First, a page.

Regardless of the type of forbearance you request, it can only be granted for up to 12 months at a time. Terms and eligibility requirements can vary from lender to lender, and if you have private student loans, your lender may or may not offer forbearance at all.

Pros

  • Protect your credit: As with deferment, forbearance can give you a break on payments without negatively impacting your credit score.
  • Help you get back on track: If you're struggling financially, forbearance can relieve some of the pressure on your budget, giving you time to get back on your feet financially.

Cons

  • Interest accrues: Regardless of the type of loans you have, interest will continue to accrue and be capitalized at the end of your forbearance period unless you make interest-only payments during the forbearance period.
  • Temporary solution: While you can get up to 12 months of forbearance at a time with federal loans, that may not be enough time to help you get back on track. If you have private student loans and your lender offers forbearance, you may only get a few months at a time. Make sure to prepare for payments to resume after your forbearance period is over.
  • May not be eligible: Unless you qualify for mandatory federal forbearance, your loan servicer gets to decide whether you're eligible. And if you have private student loans, your lender may not even offer forbearance as an option.

How to Sign Up

If you have federal student loans, review the forbearance application forms and select the one that best fits your situation, then submit it to your loan servicer.

If your loans are private, contact your lender directly to ask about your options and how to apply for relief.

When to Choose Deferment vs. Forbearance

For the most part, your decision will be based on your reasons for needing relief from your monthly payments. With federal loans, there are specific types of deferment and forbearance, so you'll want to review each one and apply for the one that fits your situation.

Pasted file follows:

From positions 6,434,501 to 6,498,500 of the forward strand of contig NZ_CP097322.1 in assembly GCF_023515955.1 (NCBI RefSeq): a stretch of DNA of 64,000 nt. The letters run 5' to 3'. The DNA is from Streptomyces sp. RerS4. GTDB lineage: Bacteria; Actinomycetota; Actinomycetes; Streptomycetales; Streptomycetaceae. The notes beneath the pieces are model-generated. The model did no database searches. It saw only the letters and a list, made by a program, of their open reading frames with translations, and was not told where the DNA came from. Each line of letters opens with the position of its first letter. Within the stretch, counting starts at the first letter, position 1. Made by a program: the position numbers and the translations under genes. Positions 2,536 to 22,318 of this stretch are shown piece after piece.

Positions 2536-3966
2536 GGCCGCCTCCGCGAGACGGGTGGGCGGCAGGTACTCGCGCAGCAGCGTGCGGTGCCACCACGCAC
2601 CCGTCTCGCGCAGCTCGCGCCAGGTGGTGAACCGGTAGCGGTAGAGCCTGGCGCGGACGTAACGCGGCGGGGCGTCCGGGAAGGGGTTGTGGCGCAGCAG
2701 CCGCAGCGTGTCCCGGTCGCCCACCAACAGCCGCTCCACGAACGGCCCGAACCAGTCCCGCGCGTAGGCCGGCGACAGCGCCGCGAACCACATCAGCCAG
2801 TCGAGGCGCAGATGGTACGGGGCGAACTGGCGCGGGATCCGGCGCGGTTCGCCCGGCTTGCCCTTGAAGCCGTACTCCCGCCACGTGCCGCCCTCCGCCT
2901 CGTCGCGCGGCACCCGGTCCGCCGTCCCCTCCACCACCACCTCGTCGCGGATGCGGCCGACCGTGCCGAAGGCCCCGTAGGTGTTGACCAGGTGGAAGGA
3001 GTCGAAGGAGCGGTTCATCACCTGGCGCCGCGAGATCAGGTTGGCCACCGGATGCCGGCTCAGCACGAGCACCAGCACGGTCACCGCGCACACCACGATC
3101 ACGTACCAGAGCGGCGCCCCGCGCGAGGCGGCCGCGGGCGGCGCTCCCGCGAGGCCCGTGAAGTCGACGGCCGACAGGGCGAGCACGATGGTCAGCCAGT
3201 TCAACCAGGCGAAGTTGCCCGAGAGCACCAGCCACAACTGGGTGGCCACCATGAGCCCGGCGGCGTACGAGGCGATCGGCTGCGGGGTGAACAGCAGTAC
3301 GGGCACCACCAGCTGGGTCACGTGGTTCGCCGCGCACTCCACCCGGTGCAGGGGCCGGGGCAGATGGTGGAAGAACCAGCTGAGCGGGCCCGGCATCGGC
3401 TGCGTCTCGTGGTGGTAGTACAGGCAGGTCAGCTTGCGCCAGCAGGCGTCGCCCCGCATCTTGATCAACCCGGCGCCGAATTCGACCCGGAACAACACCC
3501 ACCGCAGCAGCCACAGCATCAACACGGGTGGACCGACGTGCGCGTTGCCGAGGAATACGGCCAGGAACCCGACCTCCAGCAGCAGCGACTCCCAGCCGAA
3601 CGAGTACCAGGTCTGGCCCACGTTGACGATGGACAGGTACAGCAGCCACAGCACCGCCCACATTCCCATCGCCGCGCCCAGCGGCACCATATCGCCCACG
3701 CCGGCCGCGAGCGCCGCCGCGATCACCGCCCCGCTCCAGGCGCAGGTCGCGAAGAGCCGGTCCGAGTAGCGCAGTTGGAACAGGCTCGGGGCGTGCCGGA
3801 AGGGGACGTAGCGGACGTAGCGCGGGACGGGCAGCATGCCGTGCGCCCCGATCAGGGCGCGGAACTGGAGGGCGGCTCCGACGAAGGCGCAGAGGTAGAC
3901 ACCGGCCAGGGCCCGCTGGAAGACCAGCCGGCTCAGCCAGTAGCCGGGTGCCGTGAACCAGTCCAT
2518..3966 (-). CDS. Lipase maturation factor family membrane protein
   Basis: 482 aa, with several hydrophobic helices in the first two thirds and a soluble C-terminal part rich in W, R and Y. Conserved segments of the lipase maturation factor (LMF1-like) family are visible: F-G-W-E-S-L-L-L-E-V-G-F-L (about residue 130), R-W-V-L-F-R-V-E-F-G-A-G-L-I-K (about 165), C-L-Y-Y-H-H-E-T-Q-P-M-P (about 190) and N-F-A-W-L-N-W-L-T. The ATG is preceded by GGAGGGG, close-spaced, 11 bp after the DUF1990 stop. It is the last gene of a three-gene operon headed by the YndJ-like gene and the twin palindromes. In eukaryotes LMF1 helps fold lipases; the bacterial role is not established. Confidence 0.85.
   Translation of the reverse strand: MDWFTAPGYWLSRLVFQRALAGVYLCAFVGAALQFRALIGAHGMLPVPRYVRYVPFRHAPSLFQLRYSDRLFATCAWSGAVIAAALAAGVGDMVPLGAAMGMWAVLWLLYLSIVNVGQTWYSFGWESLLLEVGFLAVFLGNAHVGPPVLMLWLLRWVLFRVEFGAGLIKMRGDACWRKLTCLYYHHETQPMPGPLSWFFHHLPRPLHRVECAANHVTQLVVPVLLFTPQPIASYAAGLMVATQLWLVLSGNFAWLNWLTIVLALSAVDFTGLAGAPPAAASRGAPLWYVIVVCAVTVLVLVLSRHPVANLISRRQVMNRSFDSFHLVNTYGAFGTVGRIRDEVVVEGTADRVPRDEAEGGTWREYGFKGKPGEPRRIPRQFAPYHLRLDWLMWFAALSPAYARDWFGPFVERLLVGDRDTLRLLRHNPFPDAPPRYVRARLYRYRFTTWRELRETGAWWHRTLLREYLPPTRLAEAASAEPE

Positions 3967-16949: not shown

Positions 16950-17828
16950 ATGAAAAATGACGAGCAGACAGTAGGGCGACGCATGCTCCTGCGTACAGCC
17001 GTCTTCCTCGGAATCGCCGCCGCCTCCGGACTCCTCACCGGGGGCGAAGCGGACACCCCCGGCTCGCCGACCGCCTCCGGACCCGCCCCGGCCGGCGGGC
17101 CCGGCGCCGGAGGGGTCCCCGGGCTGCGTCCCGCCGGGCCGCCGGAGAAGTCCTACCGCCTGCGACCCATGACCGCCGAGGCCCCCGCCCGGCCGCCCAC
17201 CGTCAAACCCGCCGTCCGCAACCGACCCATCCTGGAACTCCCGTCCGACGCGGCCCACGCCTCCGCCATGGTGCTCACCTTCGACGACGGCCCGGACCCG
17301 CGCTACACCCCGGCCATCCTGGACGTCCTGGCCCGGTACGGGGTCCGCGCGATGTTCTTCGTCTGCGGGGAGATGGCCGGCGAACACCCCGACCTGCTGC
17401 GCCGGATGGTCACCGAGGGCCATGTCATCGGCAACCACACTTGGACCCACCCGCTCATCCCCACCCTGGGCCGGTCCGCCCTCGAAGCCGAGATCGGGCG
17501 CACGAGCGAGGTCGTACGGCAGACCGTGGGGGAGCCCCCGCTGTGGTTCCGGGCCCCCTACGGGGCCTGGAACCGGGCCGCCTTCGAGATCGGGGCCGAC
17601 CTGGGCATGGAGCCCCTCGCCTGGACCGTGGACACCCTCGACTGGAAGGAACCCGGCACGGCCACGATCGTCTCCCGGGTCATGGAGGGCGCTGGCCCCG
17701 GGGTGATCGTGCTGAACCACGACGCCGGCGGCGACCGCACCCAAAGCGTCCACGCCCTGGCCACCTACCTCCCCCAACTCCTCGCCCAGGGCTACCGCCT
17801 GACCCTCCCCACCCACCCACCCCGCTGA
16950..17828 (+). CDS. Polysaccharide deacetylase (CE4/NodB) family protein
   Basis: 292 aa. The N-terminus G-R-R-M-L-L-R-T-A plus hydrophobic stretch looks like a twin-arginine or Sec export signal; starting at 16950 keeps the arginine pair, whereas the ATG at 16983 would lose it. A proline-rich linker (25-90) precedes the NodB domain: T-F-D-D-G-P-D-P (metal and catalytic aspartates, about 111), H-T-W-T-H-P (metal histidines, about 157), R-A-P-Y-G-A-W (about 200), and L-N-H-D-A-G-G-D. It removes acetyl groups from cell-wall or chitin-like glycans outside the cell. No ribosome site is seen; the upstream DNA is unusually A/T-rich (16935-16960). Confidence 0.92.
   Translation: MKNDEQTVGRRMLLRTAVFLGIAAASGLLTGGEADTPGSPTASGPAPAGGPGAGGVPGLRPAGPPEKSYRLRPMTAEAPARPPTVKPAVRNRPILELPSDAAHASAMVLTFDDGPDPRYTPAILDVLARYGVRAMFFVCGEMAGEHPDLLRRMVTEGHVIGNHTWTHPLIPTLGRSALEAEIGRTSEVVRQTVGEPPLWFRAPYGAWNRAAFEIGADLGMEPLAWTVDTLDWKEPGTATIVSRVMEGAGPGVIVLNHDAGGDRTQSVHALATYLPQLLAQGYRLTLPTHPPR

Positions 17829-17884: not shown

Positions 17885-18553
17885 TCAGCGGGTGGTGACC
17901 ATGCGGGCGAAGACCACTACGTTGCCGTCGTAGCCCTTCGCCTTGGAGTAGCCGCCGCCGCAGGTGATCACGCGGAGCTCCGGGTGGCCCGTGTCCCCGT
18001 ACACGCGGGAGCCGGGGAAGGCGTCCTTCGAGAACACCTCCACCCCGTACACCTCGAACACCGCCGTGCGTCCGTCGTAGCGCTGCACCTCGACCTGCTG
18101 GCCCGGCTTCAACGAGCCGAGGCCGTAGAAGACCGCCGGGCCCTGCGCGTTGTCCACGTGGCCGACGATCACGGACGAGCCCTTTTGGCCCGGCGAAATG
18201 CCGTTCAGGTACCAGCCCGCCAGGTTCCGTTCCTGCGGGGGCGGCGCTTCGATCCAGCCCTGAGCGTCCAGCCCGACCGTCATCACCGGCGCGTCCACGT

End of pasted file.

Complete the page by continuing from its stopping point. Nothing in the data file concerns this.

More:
If you have subsidized loans or Perkins Loans and can qualify for either deferment or forbearance, consider choosing deferment so you can avoid having interest accrue on your loans.

If you have private student loans, you may be limited based on what your lender offers. Call and speak with a customer service representative to get an idea of what's available and which option is best for your needs.

Alternatives to Deferment and Forbearance

Every situation is different, but it's always a good idea to research all of your options to determine the best course of action. Some potential alternatives to both deferment and forbearance include:

  • Income-driven repayment plans: For longer-term relief on federal loans, you may apply for an income-driven repayment plan. These plans reduce your monthly payment to 10% to 20% of your discretionary income and extend your term to 20 or 25 years. Once your repayment period is over, any remaining balance will be forgiven.
  • Student loan refinancing: Refinancing federal student loans with a private lender may not be the right move if you want access to better relief programs in the future. But if you have private loans, you can refinance them with another lender that offers better relief options or can give you a longer repayment term, resulting in a lower payment.
  • Budgeting: Depending on your situation, you may be able to better afford your student loan payments by scrutinizing your budget and making some adjustments. Take a look at your expenses and look for areas of discretionary spending where you can cut back and reallocate those funds toward your student loans.
  • Picking up a side gig: If you've tried everything and still can't quite find enough money to pay your student loans, consider taking up a side gig. Even driving for a rideshare app a few nights a month or pet sitting during the summers can give you the extra boost you need to ensure your payments get made on time.

Focus on Protecting Your Credit Score

Regardless of how you choose to handle your student loans, it's crucial that you prioritize protecting your credit score from late payments and default. Deferment and forbearance can do that, but consider other options to avoid missing payments.

Also, consider using Experian's free credit monitoring service to track your credit score and Experian credit report, so you can see how your actions impact your credit over time.